on the X-ray sky, including images of active galactic nuclei and nebulae
bathed in X-rays, as well as pinpointing many more X-ray sources at the
outer reaches of the universe.
The Hubble Space Telescope is seen from the cargo bay of the space shuttle
Discovery as a robot arm, left, places it in orbit on April 25, 1990. Free
of the distorting effects of the Earth's atmosphere, the telescope has an
unrivalled view of distant galaxies.
|Applications Satellites - this is where the weather reports
Applications Satellites can be classified into three main categories, namely
communications, environmental and navigation satellites.
The navigation satellites work as landmarks. They provide some known
observation points orbiting the Earth, so when they are spotted by ships and
submarines, the vessels can figure out their position quickly and
The United States has developed a Global Positioning System (On the left)
employing 24 satellites, capable of providing information to even drivers
Environmental satellites observe the Earth and atmosphere, and transmit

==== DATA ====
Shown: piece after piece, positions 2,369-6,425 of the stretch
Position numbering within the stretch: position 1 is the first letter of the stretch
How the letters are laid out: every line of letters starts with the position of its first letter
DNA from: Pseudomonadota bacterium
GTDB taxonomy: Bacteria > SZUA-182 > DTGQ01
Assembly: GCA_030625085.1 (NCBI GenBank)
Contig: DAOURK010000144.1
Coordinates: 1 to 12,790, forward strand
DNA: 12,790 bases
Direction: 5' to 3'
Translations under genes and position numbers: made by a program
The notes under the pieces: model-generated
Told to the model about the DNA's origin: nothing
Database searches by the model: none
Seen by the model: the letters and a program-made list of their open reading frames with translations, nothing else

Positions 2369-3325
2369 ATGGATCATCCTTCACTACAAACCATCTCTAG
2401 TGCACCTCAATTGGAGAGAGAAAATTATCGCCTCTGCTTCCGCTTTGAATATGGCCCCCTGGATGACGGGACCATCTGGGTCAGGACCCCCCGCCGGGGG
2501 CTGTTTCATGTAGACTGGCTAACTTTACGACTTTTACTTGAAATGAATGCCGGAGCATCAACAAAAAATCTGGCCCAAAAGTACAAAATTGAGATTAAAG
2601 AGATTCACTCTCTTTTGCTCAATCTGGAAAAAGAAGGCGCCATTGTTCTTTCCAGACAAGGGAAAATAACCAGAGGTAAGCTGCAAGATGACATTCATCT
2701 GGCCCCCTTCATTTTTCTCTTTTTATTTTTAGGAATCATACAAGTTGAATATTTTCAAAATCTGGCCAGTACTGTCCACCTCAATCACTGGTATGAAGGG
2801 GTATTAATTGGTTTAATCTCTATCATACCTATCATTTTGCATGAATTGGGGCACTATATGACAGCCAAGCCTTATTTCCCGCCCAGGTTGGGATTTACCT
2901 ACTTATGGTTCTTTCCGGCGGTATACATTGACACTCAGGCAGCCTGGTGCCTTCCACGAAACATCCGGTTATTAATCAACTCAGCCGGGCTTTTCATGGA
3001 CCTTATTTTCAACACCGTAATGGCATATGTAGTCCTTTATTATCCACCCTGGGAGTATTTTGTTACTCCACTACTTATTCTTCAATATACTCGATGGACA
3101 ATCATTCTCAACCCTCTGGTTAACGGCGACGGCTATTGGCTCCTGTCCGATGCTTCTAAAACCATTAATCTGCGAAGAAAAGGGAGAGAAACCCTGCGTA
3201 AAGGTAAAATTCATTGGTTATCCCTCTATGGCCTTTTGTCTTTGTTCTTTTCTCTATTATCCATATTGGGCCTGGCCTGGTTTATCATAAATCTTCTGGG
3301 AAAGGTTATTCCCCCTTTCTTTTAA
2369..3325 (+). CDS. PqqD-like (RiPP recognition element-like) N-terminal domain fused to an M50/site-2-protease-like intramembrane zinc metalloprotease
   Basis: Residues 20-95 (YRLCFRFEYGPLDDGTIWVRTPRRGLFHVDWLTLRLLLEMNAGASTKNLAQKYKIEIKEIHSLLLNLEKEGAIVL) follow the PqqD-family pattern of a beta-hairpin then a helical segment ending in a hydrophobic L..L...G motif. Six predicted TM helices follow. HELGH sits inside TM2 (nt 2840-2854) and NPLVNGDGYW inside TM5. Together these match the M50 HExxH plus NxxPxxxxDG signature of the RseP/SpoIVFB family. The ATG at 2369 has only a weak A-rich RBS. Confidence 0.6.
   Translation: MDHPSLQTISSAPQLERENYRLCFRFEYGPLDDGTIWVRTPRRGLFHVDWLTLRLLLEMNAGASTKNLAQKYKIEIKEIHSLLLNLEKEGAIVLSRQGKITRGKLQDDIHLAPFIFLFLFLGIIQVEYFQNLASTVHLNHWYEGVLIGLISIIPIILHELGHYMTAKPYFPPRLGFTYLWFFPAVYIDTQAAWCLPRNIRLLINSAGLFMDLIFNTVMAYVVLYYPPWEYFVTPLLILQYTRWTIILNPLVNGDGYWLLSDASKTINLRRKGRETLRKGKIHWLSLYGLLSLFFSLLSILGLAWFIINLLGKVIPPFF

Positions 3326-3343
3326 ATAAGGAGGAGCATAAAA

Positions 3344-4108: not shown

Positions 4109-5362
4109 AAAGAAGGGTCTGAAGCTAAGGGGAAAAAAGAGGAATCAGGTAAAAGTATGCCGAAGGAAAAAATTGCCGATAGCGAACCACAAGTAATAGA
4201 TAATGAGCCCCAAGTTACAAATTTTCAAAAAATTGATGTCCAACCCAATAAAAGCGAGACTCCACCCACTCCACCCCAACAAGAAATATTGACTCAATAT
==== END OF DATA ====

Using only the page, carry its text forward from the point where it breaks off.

images for a variety of purposes. Weather satellites provide daily
transmissions of temperatures and cloud patterns. One example is the
Synchronous Meteorological Satellite (SMS). From stationary orbit, it sends
pictures of a large area of the Earth's surface at 30-minute intervals.
Information on soil characteristics, water and ice quantities, coastal-water
pollution, salinity, and insect blights of crops and forests are obtained.
Even forest fires can be detected from Earth orbit. Study of folds and
fractures in the Earth's crust helps geologists to identify deposits of oil
Earth observation satellites are used by the United States and other
countries to obtain images of military value, as of nuclear explosions in
the atmosphere and in space, ballistic-missile launch sites, and ship and
troop movements. In the 1980s, controversy was aroused by the American
proposal to develop a satellite antiballistic missile defense system making
use of laser technology.
see various satellites charts here-- Scientific |